1900s Kit Homes as Architecture Products

What could architecture products look like for a majority of the population? Why do architects consider duplicating the same house designs at different sites to be bad? These are some of the questions that I’ve been debating as I’ve read through catalogs for kit houses from the early 1900’s to the mid 1900’s. During my initial research of my latest topic “Architecture as Product”, I’ve discovered a lot of very interesting marketing schemes and business models for kit houses of the 20th century. Here’s what I’ve learned.

Architecture as Product

After spending several months focusing on my newfound leatherworking hobby, I’m starting to find that my passion for designing architecture is growing. One of the big ideas that I had this week that is leading towards my next 30x30 projects is viewing architecture as products. This idea can go in many directions, so I’ll be dedicating the next few weeks to narrow the idea down. Here’s where I’m going with the architecture as product project.

Facing Early Career Decisions

Every year, I take a week in the summer time to relax with my friends by renting a house, home cooking meals, and spending time together. This year, our theme was “Lake House”, and last week we finally went on this much anticipated vacation. During my time there, I thought about where I started, how far I’ve come, and where I’d like to go with my career as an architect and creative professional. In short, I felt like I was reaching an “early life crisis”. Let me explain.

Focus on Details

When we hear architects and designers talk about details, we imagine all of the smaller components that were meticulously thought through in order to solve a problem and allow a building to function as designed, maintain a specific aesthetic, or differentiate itself from other buildings. Just like architecture, details for products are similar in the way that a designer will zoom into specific components of the product and figure out how it should be made in relation to the adjacent ones and holistically. Here’s what I learned this week by focusing on the details of my latest leather product, a weekend duffle bag.

Patience

Recently, I realized that one of my biggest pitfalls in life has been the lack of patience in pursuing some of my ideas and understanding that the best outcomes usually take the most time. This idea spans from my passion and career in architecture to my newfound hobby in leatherworking. Every time I start a project, I immediately get to work and I come up with an action plan, a timeline, a deadline, and possible ideas to get started. Once I enter the design process, I enter the battle zone where my lack of patience is driven by the deadlines and results that I’m pursuing. This is why I’ve decided to practice patience in everything that I’m working on.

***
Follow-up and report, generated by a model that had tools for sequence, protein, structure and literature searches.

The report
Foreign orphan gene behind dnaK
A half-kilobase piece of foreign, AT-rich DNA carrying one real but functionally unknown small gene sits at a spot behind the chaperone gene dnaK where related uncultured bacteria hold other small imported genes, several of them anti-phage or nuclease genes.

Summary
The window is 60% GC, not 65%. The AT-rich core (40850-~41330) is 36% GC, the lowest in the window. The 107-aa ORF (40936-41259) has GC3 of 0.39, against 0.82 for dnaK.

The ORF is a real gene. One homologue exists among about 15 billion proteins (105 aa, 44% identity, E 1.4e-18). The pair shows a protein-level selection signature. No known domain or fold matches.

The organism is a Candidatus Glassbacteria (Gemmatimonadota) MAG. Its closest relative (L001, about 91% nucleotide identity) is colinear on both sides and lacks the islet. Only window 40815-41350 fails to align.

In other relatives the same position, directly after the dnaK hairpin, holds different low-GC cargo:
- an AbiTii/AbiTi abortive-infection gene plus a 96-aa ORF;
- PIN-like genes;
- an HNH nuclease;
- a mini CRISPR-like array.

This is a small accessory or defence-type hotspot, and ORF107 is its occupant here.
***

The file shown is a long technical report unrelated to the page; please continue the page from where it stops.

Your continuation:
10 Lessons Learned from Construction Administration

Continuing from my post last week on construction experience, I wanted to stay on the topic of construction and offer 10 lessons that I’ve learned through the construction administration process. There’s so much to learn from every project during the construction phase and these lessons will often change with the circumstances that we face. Here are the 10 lessons that I’ve learned this year.

Construction Experience and Young Architects

This year has been the most eventful and educational one for my life as an architect. The biggest contributing factor to my experiences this year has been taking the managing role on a large 12 million dollar renovation project that’s currently in construction. This project is about half of the way to completion and is being fast tracked. After one year of being on this construction project, I’ve become more confident as an architect in all areas of the profession. Here’s why I believe construction experience is important for all young architects.

2018 Update On My 30x30 Projects

About two and a half years ago, I started on my 5 year journey to design 30 projects by the time I turned 30. Over that amount of time, I’m excited that in retrospect, I can see the lineage of all of my completed projects as well as the growth of my life as a designer. From being an architect who focused solely on designing the built environment to now pivoting and exploring the world of product design, I can’t wait to see what else I’ll learn about myself and the world of design. Now that I’m half way through my timeline, I’d like to reflect on the projects that I’ve done so far and take you down memory lane.

Never Stop Creating

As I continue in my career as an architect and product designer, I often find myself designing and creating things without second thought. This is likely due to the way that I’ve trained myself to push through moments of doubt and uncertainty with my projects. You know, those days when we keep trying to imagine a design in our minds or through hard lining in a BIM or CAD software and we seemingly get nowhere? To avoid this vicious cycle, I often revert to hand sketching and/or physically making something without doubting myself and criticizing my ideas. Check out some of the products that I designed and handmade this week for Mars Leather Company.

Why Prototyping is Important

No matter how hard we try to design something perfectly, there are always so many factors that will affect the final outcome of our projects. Therefore, it’s important that we take a moment to sketch, talk, and make prototypes of our designs to ensure that it meets its functional and aesthetic requirements. Through this process, we often realize that we forgot an important element and made minor errors that need to be corrected. Here’s what I learned from prototyping my first leather iPad sleeve.